THERE was a presentation about the Archbishops’ Council’s annual report, followed by questions and answers, on Saturday evening.
Canon Robert Cotton (Guildford) said that the work of the Archbishops’ Council had fallen into two categories: Reform and Renewal, and everything else. He showed a slide of illustrations showing the "everything else".
His checklist was: first, presence in every community; second, tending relationships; third, growth, and how to allocate resources so that local bodies could increase their capacity to grow further.
He then addressed Reform and Renewal. There was a need to "discern how the Spirit is moving amongst us". There had been an offer made to every diocese for a visit from a member of the Council. The programme of Reform and Renewal was already being amended in response to this feedback.
There needed to be widespread support for the release of funds by the Church Commissioners and support beyond the Synod.
The Revd Dr Patrick Richmond (Norwich) welcomed the focus on numerical growth, but some clergy, he said, found it unrealistic. Professor David Voas had said that there was a need for revival to reverse a net decline in numbers. Was net growth in numbers meant, and was the Council presuming on revival and the Holy Spirit?
The Revd Christopher Hobbs (London) said that conferences and courses had resulted in £224,000 losses, twice the amount lost last year. He also noted £100,000 more of grants were receivable. What were these? Also, the Council’s ministerial-training trust fund was restricted. Why was this restricted, and where did money come from?
Canon Cotton said that growth was clearly a continuing priority. But in diocesan discussion it also became clear that growth happened in different ways, and it was important to be aware of what was measured and where to concentrate.
The Bishop of Sheffield, Dr Steven Croft, said that it was "important to be thinking in terms of net growth, and pray and see what God will do, but be open to God as to the outcome of these endeavours".
Gavin Oldham (Oxford) talked about lay leadership. He asked if there was any information on when there might be "online, interactive modular training for laity to become more empowered at a local level without having to commit a huge amount of time".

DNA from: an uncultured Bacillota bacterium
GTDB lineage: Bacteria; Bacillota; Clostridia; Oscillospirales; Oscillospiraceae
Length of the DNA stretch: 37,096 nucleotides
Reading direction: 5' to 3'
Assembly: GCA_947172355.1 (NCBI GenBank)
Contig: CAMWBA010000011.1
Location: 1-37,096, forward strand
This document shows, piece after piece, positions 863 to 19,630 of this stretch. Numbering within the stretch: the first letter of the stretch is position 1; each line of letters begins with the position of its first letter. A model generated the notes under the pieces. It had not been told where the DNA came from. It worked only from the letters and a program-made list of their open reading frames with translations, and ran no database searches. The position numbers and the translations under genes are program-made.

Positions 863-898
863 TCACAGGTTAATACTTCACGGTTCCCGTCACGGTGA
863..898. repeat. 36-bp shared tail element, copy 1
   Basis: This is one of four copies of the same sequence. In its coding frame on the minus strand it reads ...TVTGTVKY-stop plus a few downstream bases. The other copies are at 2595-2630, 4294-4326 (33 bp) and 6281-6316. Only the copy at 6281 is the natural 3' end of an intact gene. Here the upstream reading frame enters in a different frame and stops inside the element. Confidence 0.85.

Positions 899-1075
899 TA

The Archdeacon of Lincoln, the Ven. Timothy Barker (Lincoln), asked how C of E central services were enhancing efficiency and effectiveness, and how these could benefit the dioceses.
Dr Croft said that online lay leadership was a possibility within the next five years. By the end of this year, a new project of work on lay leadership and ministry would be under way.
Mary Chapman (Archbishops’ Council) said that, with regard to legislation coming forward, a huge range was monitored, from Sunday trading to changes in tax which might affect giving. Services provided centrally were a practical administrative vehicle.
Canon Martin Wood (Chelmsford) asked what might be done to mitigate not having enough clergy.
Dr Croft said that they were currently addressing that through the Vocations Working Group. He said that the number of ordinands sponsored by dioceses was uneven, and that the majority of vocations came from a small number of parishes and churches.
Dr Philip Giddings (Oxford) asked: if there was not a sufficient response in terms of the number of ordained ministers coming forward, was forward planning going to make use of the gifts and talents of lay members of the Church?
Canon David Banting (Chelmsford) asked who was responsible for providing resources and finances for new sees or resurrected sees.
Dr Croft said that it would be "entirely wrong" to say that the Church would use the gifts of laity only if there were not enough clergy. The responsibility for providing resources for see houses lay with the dioceses.